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Studio crow

My father taught himself to do taxidermy when he was a teenager, and my parents' house has a room with dozens of his mounted wildlife crowding the walls. Most of them are specimens that he found dead but intact along the road, or that friends gave him, knowing of his hobby. All kinds of birds, large and small, squirrels, weasels, a beaver, schools of fish, and even a bobcat from his high school days. He hasn't done much in the last few years, but when he was into it, he won professional ribbons at competitions even though he was an amateur. Like many things my dad does, (drawing and painting, for instance), he's easily good enough to earn a living at it. He just never wanted to. He just liked doing it and wanted to do it really well.

This crow has been downstairs, just inside the front doors, for the nine years we've lived here, startling guests and collecting dust and cobwebs. He came up here just 45 minutes ago because I knew he'd be hard to draw. Maybe he'll stay here so I can do it again. Until I can do it really well.

A crow preserved in a lifelike pose years ago by my dad, hanging from a PH 3/2 sconce in my studio.

Evening break, another stab.

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Reader Comments (2)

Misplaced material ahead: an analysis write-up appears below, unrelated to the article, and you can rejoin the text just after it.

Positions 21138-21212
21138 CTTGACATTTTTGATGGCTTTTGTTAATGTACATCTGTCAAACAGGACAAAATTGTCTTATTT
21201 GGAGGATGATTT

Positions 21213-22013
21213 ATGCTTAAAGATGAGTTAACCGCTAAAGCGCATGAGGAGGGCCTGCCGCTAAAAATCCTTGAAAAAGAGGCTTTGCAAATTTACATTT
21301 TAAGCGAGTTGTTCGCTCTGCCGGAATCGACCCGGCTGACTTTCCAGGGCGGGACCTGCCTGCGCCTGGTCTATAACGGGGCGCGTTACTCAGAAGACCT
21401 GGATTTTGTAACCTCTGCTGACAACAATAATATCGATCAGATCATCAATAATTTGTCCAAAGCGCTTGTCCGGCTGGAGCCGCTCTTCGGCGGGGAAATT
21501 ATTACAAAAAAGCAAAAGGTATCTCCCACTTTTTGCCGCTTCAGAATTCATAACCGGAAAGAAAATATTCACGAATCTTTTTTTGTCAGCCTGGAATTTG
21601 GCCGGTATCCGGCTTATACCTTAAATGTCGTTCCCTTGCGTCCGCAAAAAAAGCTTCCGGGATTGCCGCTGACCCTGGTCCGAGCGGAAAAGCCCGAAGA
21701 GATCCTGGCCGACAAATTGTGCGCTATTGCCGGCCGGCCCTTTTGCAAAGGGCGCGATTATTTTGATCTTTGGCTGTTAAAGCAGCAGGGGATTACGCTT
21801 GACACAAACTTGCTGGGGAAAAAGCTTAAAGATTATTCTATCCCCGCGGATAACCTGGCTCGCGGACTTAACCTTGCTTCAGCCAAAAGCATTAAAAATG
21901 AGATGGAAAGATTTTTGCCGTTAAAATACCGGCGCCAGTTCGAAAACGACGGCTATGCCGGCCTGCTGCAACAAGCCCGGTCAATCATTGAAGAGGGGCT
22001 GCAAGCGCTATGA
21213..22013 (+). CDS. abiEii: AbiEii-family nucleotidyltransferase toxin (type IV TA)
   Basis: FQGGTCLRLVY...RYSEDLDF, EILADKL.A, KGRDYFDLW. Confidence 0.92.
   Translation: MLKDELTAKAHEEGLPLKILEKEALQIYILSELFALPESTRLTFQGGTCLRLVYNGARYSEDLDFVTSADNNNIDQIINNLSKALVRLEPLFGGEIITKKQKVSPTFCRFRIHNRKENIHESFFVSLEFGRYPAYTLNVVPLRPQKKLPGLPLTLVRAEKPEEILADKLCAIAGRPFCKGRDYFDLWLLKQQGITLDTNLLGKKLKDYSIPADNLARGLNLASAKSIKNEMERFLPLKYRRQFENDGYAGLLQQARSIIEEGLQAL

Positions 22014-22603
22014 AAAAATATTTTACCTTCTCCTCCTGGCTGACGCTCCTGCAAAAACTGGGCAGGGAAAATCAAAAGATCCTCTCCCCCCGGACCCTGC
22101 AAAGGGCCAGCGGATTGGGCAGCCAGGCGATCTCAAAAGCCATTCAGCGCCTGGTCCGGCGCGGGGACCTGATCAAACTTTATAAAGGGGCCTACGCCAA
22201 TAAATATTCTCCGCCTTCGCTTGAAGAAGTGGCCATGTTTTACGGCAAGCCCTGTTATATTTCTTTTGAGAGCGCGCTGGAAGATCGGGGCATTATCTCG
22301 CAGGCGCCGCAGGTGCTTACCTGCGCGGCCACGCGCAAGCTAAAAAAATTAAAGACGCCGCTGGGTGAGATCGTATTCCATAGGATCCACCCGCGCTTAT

Hey Scott, I just lost the post I was writing. Maybe it already reached you. But I'll try to recreate it just in case. What I said was something like....here's something you don't know about me. I was about 10-years-old when I was in my parents bedroom watching Hitchcock's "The Birds" for the first time when my sister's boyfriend grabbed me by the shoulders just as I was watching the scene where Jessica Tandy finds her friend with his eyes pecked out. Needless to say, I was frightened. But I was also hooked, too. I try to watch The Birds at least once every summer. I love everything about that movie. The period: 1961. The setting: Bodega Bay. The saturated tone of the colors throughout the movie. The clouds. The sports cars. The explosions. The waiting for the next attack. I love the modern, self-assured nature of Tippi Hedren's character; the moxie it took to buy and deliver those Love Birds to Rod Taylor's sister, Angela Cartwright, for her birthday. And her kindness to Suzanne Pleshette, who understood Hedren is stealing the man she loved. But the birds I love best in this movie are the crows on the jungle gym. All iridescent, oily black, menacing and murderous. I go nuts when I see the purple-black Grackle/Crow/Blackbirds descend on the freshly stocked bird feeders outside my living room window gorging themselves on seeds and suet. I feel for the hungry yellow finches, doves, nuthatch and cardinals. But I can't take my eyes off those muscular birds that flee to the tree tops when I fling open my front door to scare them away.

YES! Menacing and murderous. And they're so coldly casual about it. When they hop, they lift their wings just a little, and they sort of glide a little with a creepy nightmarish slowness. Not like little birds and not like other big birds. And they are big. Big enough to hurt you. But there is something mesmerizing and magnetic about them, and you clearly get that, Meredith. I'm going to keep doing this as long as it's taking me somewhere. Drawing the crow, I mean. And I'll bet where ever it takes me won't be good. I can hardly wait.

July 8, 2011 | Registered CommenterScott A. Stultz

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